NASA's decision to delay launch of the shuttle Discovery by two months may have given the Hubble Space Telescope a new lease on life - delighting the telescope's boosters.
Michael D. Griffin, the new NASA administrator, said yesterday that Discovery's May 22 launch date will be pushed back to at least July 13. He said engineers at Cape Canaveral, Fla., need the time to address lingering questions about the risk of damage from ice and insulation shed by the shuttle's external fuel tank.
At the same time, Griffin ordered engineers at the Goddard Space Flight Center in Greenbelt to get started with plans for a shuttle servicing flight that would keep Hubble functioning after 2007, when its systems are likely to begin failing.
That was good news for astronomers.
"It surely reveals that the administrator wants to see Hubble serviced if at all possible, in my view, and that's great," said Bruce Margon, associate director for science at the Space Telescope Science Institute in Baltimore, where Hubble's science operations are managed.
NASA halted work on that long-planned mission 15 months ago, after the Columbia disaster, when Griffin's predecessor ruled that flights to the space telescope were too risky.
But, under political and scientific pressure to keep the famous telescope alive, Griffin told Congress during his confirmation hearings that he would reconsider Hubble's future after Discovery returned safely to Earth.
With Discovery delayed by additional two months, Griffin said waiting until its return to make a decision could delay a subsequent Hubble flight until the instrument was beyond rescue. "If we delay much more, we ... put the capability of doing that servicing at some risk," Griffin said.
Goddard's effort will cost NASA money, and it could still come to nothing if Griffin ultimately decides not to revive the Hubble mission, he acknowledged.
But it's worth the risk, he said. Turning to a gambling expression, he said, "We're going to 'bet on the come' a little bit, that we can do the servicing mission, and get folks at Goddard started on doing what they would have to do" if the mission were approved.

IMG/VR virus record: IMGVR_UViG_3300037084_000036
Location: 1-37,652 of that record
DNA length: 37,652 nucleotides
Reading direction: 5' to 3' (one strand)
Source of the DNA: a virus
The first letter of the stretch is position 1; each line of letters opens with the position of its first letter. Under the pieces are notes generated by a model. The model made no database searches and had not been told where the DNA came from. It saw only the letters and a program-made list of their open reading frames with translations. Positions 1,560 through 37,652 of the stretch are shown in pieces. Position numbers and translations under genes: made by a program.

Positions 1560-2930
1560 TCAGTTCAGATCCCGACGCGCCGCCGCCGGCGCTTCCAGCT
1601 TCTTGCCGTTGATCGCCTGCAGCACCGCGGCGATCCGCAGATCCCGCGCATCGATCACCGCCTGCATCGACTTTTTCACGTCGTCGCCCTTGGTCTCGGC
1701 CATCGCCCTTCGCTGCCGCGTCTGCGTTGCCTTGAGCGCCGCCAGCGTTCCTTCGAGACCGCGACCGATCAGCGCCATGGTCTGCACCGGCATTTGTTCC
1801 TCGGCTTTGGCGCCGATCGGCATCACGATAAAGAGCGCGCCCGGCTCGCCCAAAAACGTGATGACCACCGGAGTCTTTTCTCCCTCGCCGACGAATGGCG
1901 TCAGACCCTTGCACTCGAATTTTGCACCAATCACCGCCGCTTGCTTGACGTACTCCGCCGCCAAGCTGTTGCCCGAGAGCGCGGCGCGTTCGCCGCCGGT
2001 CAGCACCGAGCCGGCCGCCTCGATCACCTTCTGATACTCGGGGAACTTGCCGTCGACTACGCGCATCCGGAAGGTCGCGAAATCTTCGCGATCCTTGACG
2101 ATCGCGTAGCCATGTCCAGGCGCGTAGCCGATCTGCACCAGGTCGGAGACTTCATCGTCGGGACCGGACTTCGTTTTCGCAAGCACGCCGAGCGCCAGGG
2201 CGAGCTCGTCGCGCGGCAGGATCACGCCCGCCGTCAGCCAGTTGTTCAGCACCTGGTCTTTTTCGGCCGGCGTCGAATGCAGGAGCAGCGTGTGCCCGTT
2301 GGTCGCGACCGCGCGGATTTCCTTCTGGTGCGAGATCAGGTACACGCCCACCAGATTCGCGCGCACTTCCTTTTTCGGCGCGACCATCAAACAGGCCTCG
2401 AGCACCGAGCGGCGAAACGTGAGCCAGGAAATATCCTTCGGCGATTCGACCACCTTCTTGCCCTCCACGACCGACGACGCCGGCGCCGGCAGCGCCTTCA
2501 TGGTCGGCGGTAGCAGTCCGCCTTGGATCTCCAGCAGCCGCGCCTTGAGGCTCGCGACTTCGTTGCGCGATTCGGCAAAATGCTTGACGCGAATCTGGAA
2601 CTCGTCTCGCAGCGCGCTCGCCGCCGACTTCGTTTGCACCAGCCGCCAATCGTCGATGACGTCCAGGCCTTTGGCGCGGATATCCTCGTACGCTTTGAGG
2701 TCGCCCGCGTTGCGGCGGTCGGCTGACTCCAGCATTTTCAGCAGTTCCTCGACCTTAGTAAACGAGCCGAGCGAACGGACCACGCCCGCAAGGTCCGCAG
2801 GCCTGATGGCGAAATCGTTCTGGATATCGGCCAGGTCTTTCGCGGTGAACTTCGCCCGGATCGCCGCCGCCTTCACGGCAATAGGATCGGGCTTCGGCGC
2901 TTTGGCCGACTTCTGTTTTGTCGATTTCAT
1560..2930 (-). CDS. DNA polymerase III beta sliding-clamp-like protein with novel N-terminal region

"Betting on the come" means betting on a weak hand that could become a strong one if the next cards fall your way.
To Hubble's advocates, Griffin appeared to be tipping his hand - hinting that he would support a shuttle mission to Hubble if Discovery's flight goes well.
"No one is foolish enough to view this as a decision, or a commitment, because everyone agrees that return to flight activities have to be successful," Margon said. "But it's just a wonderful, wonderful jump forward. ... It's very clear that the administrator thinks this is important, and he'd like to do it if he can."
Hubble has been serviced and upgraded by astronauts four times since its launch in April 1990, vastly increasing its power and extending its useful life well beyond original estimates. The fifth mission would have installed two new instruments and replaced failing gyroscopes and batteries, adding several more years to its lifetime.
But early last year, former NASA administrator Sean O'Keefe canceled the mission. He cited tightened safety guidelines set by the Columbia Accident Investigation Board and decreed that all 28 future shuttle flights - until the fleet's retirement in 2010 - would be dedicated to the completion of the International Space Station.
Yesterday, Griffin reaffirmed the administration's intent to retire the shuttle fleet in 2010, even if adding a Hubble mission would delay the final flights to the International Space Station beyond that date.
"If we cannot complete the requisite number of shuttle flights [to the station] by that time, we should be creative about other means that equipment [for the station] might be put in orbit," he said.
He also expressed confidence that Goddard personnel could move ahead with Hubble servicing preparations without jeopardizing their contributions to returning the shuttle fleet to flight.